Market Analysis of the Intermediate Bulk Container
The Intermediate Bulk Container is an efficient, multi-use, versatile, and inexpensive shipping container. Invented to solve the problems of weight and inefficiency of previous shipping containers, the Intermediate Bulk Container is lightweight and holds the shape of a cube, allowing it to be packed tightly in transfer. Current models can be customized as needed for the products being shipped, including variation in the lining material, reinforcing materials, or the metals used in the wire cage. Because of the variability of the containers’ designs and purposes, they can be obtained at a variety of price points. These traits have made the Intermediate Bulk Container a widely popular shipping container in a number of manufacturing industries.
Introduction to the IBC
Before the modern IBC, shipping options were costly and inefficient. Some of the most common, including the crate, barrel, and drum, were made of heavy materials that limited the potential weight of each load, and the rounded design of the barrels and drums prevented them from being packed tightly. These problems spurred innovations that would result in the modern IBC.
The first product which resembled the modern IBC was patented in 1990 by Dwight E. Nicols. The patent described a plastic bottle contained in a wireframe that could collapse and fold. The true modern IBC was patented just two years later in 1992 by Olivier J. L. D’Hollander. With its cubic shape, lightweight, and durability, the modern IBC allowed for the efficient and inexpensive shipping of everything from powders to pastes and liquids.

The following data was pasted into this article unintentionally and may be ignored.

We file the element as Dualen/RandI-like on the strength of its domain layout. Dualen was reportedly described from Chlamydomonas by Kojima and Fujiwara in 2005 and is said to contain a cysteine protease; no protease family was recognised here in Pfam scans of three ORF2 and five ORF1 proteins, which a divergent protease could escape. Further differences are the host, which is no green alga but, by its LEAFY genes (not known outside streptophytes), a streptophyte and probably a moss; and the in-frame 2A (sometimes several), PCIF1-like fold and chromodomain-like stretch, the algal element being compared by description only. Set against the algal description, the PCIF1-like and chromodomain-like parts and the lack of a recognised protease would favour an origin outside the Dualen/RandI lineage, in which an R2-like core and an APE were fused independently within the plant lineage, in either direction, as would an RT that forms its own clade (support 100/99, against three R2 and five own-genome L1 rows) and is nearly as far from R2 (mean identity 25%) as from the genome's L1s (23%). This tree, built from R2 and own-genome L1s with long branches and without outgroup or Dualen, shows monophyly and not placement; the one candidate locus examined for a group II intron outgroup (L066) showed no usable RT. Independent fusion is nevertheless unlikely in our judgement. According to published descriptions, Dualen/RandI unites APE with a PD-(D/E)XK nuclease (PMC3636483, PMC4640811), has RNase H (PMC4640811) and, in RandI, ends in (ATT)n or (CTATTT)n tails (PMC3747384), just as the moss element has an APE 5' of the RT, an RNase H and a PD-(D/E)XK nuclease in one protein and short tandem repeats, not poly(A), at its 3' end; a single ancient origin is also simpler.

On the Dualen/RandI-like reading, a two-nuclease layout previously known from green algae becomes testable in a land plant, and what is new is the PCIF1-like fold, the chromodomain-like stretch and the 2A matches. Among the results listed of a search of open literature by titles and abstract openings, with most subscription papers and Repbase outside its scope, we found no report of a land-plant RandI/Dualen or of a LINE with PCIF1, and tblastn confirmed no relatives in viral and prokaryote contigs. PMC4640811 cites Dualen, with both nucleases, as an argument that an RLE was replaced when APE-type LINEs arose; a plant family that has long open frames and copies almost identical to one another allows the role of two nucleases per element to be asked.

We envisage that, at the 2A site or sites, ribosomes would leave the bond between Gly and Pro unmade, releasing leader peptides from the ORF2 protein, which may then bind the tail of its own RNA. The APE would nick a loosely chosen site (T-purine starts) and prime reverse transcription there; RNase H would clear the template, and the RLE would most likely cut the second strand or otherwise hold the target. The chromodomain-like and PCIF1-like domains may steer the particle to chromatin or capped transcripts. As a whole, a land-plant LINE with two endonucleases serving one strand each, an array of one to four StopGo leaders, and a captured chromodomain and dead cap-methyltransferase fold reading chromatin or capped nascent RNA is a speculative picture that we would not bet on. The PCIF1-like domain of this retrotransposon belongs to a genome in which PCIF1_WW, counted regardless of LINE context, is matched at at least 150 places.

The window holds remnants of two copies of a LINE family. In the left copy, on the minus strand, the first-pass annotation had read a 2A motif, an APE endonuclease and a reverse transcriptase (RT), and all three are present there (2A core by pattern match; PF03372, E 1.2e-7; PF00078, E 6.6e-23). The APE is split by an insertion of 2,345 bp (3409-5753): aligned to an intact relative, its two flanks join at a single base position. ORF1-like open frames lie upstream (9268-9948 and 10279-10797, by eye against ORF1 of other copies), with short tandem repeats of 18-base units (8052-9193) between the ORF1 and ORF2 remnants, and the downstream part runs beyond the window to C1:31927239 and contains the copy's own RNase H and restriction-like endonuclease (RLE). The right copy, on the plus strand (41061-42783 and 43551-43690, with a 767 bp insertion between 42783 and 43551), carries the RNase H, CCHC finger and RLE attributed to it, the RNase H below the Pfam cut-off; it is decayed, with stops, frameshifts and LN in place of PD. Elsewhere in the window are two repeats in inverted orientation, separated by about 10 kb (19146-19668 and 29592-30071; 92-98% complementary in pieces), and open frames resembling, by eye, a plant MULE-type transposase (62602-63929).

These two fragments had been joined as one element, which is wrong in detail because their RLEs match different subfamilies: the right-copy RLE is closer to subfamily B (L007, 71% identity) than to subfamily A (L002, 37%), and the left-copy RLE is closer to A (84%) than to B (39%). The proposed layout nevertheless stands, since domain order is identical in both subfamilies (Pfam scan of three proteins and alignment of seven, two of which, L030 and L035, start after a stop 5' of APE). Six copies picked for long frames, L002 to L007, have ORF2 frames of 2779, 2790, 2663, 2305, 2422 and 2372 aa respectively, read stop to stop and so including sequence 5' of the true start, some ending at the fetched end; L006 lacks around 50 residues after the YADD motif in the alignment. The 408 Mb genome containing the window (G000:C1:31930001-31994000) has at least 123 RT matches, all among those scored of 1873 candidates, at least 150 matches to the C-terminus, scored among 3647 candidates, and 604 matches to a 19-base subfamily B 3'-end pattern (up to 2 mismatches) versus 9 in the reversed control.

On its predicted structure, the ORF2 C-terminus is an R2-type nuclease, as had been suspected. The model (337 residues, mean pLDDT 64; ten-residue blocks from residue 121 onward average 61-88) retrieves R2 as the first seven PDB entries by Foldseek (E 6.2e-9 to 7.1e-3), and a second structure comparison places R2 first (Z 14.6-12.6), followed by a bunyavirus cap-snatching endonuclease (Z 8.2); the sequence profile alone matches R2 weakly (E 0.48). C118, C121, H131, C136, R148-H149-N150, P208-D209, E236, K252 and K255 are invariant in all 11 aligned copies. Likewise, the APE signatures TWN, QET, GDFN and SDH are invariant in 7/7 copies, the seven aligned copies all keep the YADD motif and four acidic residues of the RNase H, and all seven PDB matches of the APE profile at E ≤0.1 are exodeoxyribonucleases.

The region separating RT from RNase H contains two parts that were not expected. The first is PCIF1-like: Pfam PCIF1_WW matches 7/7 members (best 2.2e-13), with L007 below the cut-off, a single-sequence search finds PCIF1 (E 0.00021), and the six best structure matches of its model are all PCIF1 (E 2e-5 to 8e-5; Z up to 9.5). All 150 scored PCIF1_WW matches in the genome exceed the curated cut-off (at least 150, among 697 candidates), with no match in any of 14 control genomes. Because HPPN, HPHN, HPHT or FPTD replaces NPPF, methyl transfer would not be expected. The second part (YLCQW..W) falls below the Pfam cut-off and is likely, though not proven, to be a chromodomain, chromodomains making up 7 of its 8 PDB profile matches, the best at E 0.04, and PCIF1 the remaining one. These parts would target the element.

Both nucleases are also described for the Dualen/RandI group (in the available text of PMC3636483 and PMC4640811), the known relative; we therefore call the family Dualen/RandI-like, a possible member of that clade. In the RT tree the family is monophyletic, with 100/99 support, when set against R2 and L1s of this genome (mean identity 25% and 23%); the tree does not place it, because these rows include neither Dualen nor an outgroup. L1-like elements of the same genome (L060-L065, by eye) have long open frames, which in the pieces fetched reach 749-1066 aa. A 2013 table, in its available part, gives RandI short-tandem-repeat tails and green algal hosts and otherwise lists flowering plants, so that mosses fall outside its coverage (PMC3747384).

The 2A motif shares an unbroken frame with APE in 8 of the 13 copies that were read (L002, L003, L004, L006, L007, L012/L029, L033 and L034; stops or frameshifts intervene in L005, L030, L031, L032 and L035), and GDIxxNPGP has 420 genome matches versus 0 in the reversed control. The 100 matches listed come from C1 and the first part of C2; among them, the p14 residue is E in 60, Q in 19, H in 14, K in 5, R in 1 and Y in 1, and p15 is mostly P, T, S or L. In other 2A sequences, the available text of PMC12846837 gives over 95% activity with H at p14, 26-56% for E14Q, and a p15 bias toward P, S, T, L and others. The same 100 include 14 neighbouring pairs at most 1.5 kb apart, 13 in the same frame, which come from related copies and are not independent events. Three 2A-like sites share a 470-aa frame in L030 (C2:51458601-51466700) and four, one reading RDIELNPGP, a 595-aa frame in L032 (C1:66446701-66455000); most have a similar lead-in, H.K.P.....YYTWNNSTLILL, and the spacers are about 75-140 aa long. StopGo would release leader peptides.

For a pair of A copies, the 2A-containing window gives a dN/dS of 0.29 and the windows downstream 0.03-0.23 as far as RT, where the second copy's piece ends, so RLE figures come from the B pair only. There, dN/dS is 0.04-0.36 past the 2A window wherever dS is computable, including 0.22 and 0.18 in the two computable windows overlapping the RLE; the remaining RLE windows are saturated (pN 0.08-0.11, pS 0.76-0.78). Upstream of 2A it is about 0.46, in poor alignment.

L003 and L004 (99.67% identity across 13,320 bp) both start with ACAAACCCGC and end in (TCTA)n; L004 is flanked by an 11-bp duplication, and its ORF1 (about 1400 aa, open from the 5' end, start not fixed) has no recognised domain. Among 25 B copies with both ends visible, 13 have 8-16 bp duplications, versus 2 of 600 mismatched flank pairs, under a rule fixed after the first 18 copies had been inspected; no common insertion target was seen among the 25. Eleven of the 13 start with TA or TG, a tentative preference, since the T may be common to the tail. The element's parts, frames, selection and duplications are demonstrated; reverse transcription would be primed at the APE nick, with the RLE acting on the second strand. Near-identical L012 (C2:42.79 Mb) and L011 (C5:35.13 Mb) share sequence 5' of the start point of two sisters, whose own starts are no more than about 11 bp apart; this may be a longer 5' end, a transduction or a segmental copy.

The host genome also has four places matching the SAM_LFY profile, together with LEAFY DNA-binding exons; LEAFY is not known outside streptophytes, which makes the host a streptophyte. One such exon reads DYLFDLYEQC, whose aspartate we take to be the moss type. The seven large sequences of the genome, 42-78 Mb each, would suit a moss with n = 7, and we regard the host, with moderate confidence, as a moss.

To earn the title of Intermediate Bulk Container, the container must fit a set of characteristics. First, it must fit within a certain range of capacity, no less than 400 litres and no more than 3000 litres. This places the “intermediate” container between the sizes of a shipping drum and an intermodal tank container. Second, all IBCs are cubic in shape, which achieves peak efficiency in shipping and allows the containers to pack more materials than the pallet system could in the same space. Finally, the standard IBC is equipped with a spout near the bottom to allow for easy pouring.
In the years since 1992, companies have made a multitude of changes to the original design, allowing for the shipment of a variety of materials. From crafting liners from tougher plastics for food shipments to opting for a metal bottle for the transfer of hazardous chemicals, these innovations have resulted in a battery of shipping containers as varied as the purposes they serve. Despite this, all IBCs can be grouped into two larger categories: Rigid IBCs and Flexible IBCs.
Overview of the Rigid Intermediate Bulk Container (RIBC)